@richardjmurphy insists he\’s an economist just as much as Adam Smith was.


Using a strategy used by many on the right, it sought to avoid the economic argument by playing the people who wrote the letter, claiming many were not economists. Apparently, for example, a retired economist is not really an economist. Nor is a historian allowed to comment on the subject. And heaven forbid someone working for a pressure group be given the title ‘economist’: that would never do.

The trouble is that this is a particularly foolish argument, and there’s ample proof of this. In particular, Adam Smith was not, using this definition promulgated by the institute that abuses his good name, an economist. He was, after all, a professor of moral philosophy and that, quite clearly, using the ASI methodology, would not qualify him to comment on economics.

If this is the best the right can do their intellectual arsenal really is bankrupt.

The only slight, teensy, tiny, problem with this is that the word \”economist\” was first used in this sense in English in 1804:

Word Origin & History


1580s, \”household manager;\” 1804 meaning \”student of political economy\” (see economy).
That\’s err, 14 years after Smith\’s death.
The word largely being coined to describe what Smith was one of the first people to try and do: study the political economy of a country.
And yes it\’s still true that a retired accountant from Wandsworth who boasts of having ignored the economics part of his Accounting and Economics degree at Southampton is not an economist.

13 comments on “@richardjmurphy insists he\’s an economist just as much as Adam Smith was.

  1. It is not that, as Richie says, they are not allowed to comment on macroeconomic questions, just that the reader may be misled about their qualification for so doing if they are described as ‘the country’s leading economists’. I’m delighted that a certain retired accountant from Wandsworth does comment on economic questions, it means I can get a good laugh from this blog daily

  2. Oh I don’t know, Ritchie’s probably very good at being a household manager…..as long as someone else is paying the bills…….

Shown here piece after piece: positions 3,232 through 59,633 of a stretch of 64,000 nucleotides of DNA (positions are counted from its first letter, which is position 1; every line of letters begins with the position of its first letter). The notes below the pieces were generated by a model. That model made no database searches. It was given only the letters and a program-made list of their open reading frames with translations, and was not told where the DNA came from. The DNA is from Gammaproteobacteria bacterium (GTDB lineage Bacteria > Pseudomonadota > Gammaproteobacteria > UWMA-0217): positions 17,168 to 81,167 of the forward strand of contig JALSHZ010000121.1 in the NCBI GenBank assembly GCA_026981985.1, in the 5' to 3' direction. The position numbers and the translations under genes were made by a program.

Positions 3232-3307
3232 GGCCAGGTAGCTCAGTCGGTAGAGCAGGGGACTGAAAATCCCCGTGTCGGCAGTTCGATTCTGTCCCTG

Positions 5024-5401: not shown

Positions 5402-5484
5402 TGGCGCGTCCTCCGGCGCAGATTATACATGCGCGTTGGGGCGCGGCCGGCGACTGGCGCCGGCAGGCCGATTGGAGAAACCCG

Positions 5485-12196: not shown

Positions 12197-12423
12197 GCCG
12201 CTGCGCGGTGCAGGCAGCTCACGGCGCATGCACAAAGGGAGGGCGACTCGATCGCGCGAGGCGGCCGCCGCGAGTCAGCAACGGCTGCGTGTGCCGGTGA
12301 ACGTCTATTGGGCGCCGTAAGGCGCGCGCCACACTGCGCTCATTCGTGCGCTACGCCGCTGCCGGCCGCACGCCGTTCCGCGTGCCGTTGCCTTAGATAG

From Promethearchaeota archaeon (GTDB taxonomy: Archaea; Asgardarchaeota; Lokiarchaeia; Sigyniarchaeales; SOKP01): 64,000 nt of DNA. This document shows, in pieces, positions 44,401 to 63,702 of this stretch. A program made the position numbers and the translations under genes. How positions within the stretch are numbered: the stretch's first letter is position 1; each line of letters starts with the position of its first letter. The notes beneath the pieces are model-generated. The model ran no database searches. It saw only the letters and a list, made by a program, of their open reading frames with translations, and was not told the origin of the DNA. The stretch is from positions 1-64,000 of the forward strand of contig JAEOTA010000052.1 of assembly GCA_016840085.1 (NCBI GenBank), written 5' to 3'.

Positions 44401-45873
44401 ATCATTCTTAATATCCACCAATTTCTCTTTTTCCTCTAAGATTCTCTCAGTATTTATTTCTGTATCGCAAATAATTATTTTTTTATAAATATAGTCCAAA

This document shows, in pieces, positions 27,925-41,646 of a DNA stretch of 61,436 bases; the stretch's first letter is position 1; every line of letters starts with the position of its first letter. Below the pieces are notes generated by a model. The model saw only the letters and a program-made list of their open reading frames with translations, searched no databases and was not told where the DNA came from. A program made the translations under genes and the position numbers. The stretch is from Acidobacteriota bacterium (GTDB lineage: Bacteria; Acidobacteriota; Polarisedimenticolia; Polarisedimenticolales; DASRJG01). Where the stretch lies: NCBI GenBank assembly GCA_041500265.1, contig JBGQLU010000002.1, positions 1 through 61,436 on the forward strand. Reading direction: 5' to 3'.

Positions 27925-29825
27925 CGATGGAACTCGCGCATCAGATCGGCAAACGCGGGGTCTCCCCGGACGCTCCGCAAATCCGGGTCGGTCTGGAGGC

3. What A1 said; the critique against these guys is that they described themselves as economists, not that they shouldn’t be allowed to comment on economic matters

  4. They describe themselves as “academics and economists” implying that they are both, whereas some are one or the other, very few are both, and R. Murphy plus four others are neither.
    The term is “passing off”.

  5. it’s perfectly fine to say that the views of non-economists are valid, and that arguments ought not be dismissed on the basis of who makes them … but why claim to be an economist when you are not?

  6. Luis,
    His whole positioning is based around ‘poacher turned gamekeeper’ i.e. As an insider, and fully understanding the issues involved, I hereby declare the accounting profession to be morally bankrupt, the tax system to be fundamentally flawed and the country’s economic policy to be unsustainable. The only way forward is tax and spend. Here’s how to tax and here’s what to spend it on.

    It’s worked well wrt Tax; the TUC *love* it for example, and he wants to extend that same model to economics. But for it to work, he has to be an economics insider as well.
    Hence the claim.

  7. I would hate to quibble with your reference source, but I understood that Smith coined the term OEconomics (can’t do the merged letter thing of the O and E at the start) to describe what he was doing.

    It’s right there in the Introduction of WoN:

    “Though those different plans were, perhaps, first introduced by the private interests and prejudices of particular orders of men, without any regard to, or foresight of, their consequences upon the general welfare of the society; yet they have given occasion to very different theories of political economy; of which some magnify the importance of that industry which is carried on in towns, others of that which is carried on in the
    country. Those theories have had a considerable influence, not only upon the opinions of men of learning, but upon the public conduct of princes and sovereign states. I have endeavoured, in the fourth book, to explain, as fully and distinctly as I can, those different theories, and the principal effects which they have produced in different ages and nations.

    Tim adds: Indeed: but note that I said “economist” not “economics”. It’s pretty much true that “economist” was invented as a way of describing one who did what Smith had done, economics.

  8. @Tim adds…

    Ah. Probably.
    But in that our Smiffy was the man who coined the phrase “political economy” from which the term “economist” was then derived, our Richie is still massively monstrously wrong.

    He might, in fact, be a WGCE.

  9. Adam Smith was a moralist. And aren’t we all economists just not theorectical economists which means nowt to most people?

  10. Anyone here notice Ritchie’s Bio on his new Forbes blog. Here is a nice little quote from it for ease of reference:

    “I’m a professional accountant. OK, I’ve been trained in economics too. And I’ve done my fair share of entrepreneurial activity, writing, lobbying and other things besides, but when it comes to writing my occupation on a form I usually describe myself as a chartered accountant.”

    Interesting that he seems to think that he is an accountant and not an economist. The statement that “I’ve been trained in economics” is interesting, I wonder where he underwent that training, perhaps O-level?

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